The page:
China's economy grew by 9.7% year-on-year in the first quarter of 2004, pushed by a massive 43% rise in fixed asset investment. It is a blistering pace even by China's standards, much faster than the target set by the government, and raises the specter of overheating and inflation. The growth figure is all the more impressive since SARS appears not to have had an appreciable impact on the first quarter of 2003, meaning this year's Q1 figures represent real growth.
Speaking at the National People's Congress in March, Premier Wen Jiabao set a target of 7% growth for 2004. China, he warned, needed to avoid the risk of a boom and bust cycle – but the boom continues.
All told, GDP reached RMB 2.71 trillion (US$327.8 billion), fueled by rapidly growing fixed asset investment, much of it speculating on urban real estate. The latest growth rate numbers came just days after the People's Bank of China raised minimum reserve requirements for the third time in eight months in an effort to curb lending. So far, it seems, to little effect.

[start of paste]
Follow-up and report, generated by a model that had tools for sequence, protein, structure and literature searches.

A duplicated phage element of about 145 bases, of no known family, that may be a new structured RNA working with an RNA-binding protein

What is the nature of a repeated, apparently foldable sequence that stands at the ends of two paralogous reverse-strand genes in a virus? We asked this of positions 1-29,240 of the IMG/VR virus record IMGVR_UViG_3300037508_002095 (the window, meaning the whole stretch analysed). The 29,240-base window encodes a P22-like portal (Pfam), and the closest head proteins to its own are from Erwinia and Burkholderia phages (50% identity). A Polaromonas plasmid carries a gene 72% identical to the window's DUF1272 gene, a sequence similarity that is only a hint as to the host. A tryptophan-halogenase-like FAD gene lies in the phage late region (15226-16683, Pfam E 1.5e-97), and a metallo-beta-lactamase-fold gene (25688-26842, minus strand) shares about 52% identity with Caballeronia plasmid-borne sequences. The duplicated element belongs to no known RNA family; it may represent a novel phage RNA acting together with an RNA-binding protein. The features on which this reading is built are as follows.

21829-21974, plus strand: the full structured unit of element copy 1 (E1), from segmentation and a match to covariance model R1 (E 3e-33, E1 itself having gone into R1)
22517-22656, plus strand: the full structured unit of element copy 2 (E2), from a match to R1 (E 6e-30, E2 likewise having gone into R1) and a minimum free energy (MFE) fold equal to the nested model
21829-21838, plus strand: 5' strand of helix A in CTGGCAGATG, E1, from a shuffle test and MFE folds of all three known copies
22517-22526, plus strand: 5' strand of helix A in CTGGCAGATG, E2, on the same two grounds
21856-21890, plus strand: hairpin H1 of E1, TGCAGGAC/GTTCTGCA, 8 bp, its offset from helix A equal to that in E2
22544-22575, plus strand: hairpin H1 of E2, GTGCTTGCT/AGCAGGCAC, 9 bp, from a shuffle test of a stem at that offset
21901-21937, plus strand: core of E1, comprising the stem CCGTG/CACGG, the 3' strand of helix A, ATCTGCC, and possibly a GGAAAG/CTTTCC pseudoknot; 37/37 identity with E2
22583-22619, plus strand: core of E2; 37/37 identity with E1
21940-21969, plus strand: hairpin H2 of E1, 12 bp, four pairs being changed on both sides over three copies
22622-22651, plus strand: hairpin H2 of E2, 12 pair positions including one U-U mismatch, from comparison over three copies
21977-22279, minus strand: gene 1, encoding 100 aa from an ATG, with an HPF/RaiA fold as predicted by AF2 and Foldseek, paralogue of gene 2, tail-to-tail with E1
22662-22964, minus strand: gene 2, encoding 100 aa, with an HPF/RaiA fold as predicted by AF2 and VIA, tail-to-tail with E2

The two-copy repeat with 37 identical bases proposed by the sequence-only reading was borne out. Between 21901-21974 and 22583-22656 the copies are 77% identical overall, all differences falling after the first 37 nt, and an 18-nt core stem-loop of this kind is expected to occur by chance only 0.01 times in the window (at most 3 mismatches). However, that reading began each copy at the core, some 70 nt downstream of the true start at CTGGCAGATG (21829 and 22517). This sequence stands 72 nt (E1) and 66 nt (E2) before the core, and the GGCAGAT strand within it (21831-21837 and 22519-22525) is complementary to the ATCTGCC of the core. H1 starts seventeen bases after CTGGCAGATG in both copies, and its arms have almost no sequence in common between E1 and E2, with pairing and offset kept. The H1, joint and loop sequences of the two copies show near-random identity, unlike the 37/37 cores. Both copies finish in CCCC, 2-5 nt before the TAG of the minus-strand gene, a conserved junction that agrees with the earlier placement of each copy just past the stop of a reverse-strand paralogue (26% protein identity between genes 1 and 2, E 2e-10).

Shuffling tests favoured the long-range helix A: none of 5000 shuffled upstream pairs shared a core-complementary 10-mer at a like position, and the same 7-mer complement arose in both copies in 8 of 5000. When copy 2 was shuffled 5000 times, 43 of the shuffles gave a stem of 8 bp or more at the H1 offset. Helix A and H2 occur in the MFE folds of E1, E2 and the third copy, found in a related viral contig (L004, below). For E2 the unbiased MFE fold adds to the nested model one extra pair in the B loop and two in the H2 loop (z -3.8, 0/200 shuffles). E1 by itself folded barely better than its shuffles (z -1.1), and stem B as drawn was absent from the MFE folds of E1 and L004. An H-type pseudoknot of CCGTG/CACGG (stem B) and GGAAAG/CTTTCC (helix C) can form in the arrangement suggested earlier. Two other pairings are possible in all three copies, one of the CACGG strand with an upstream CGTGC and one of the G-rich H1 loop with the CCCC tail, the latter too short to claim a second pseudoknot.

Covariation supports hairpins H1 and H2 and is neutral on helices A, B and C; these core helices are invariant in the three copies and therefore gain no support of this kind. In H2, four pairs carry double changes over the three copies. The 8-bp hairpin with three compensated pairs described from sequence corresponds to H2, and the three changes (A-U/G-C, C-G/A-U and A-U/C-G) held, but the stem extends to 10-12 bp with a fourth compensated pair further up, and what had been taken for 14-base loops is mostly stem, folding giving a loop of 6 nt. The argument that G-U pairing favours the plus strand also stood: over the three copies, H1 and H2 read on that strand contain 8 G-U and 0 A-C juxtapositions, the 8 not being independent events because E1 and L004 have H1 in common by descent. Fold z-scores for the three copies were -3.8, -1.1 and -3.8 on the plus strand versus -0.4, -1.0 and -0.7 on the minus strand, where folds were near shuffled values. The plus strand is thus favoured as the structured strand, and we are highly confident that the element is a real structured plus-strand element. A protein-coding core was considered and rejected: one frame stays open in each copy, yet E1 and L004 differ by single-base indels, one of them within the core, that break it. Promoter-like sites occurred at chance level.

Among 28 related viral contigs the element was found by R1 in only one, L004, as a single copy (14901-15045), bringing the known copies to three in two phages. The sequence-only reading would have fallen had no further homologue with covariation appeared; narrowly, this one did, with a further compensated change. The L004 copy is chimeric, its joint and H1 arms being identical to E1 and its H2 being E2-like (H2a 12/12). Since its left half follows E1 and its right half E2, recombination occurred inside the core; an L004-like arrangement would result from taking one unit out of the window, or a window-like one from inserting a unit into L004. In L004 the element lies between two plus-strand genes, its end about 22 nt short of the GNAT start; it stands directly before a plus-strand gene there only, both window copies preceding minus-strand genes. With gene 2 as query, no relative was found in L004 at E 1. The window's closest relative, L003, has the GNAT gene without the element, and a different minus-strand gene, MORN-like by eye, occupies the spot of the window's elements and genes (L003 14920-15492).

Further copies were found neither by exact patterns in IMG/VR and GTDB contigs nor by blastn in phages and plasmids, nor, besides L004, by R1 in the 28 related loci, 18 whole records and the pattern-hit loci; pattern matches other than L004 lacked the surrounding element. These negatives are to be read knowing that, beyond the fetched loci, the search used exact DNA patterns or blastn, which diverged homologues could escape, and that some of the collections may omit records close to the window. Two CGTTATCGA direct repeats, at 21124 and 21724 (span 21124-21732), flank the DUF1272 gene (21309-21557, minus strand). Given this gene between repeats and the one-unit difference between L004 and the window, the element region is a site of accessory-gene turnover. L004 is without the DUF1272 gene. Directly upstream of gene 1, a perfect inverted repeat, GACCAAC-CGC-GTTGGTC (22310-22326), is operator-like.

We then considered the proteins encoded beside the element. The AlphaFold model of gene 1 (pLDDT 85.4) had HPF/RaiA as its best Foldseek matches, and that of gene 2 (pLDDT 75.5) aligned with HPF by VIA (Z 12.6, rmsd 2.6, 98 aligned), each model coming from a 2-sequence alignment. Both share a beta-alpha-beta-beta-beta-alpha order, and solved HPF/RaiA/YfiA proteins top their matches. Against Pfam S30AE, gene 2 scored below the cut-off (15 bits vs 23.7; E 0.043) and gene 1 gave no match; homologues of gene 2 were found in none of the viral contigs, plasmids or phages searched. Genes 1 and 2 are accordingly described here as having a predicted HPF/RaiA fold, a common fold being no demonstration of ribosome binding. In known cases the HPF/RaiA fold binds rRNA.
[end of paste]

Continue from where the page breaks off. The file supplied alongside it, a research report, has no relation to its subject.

With growth running above 9% for the third straight quarter, economists have voiced concerns about overheating. Prices of key raw materials have spiraled upwards, inflation has reared its head, power supplies are at full stretch and the transport infrastructure is overloaded.
But officials do not seem unduly concerned. "The Central Committee of the Communist Party and the State Council have come up with a series of measures to slow the economy, and we believe they are sufficient," said Zheng Jingping, spokesman for the National Bureau of Statistics.
The latest growth figures coincided with a report from the International Monetary Fund, saying that China can sustain its rapid rate of growth but only if it commits to thorough reforms. Among China's top priorities, the IMF said, are the development of efficient markets for capital allocation and the strengthening of banks' balance sheets, making them more market-based.
Over-lending by China's banks remains a key source of concern, although one of the big four state lenders reported a drop in lending for the first quarter. Industrial and Commercial Bank of China said its outstanding loans rose US$9.38 billion between January and March, compared to an increase of US$15.62 billion in the same quarter of 2003.
Agricultural Bank of China, however, said its loans for the first quarter of 2004 rose at "an excessive pace" of 19.6% year-on-year. To stem that rise the bank said it would centralize credit approval for loans to the steel, cement and aluminum sectors – three sectors which are generating the most concern.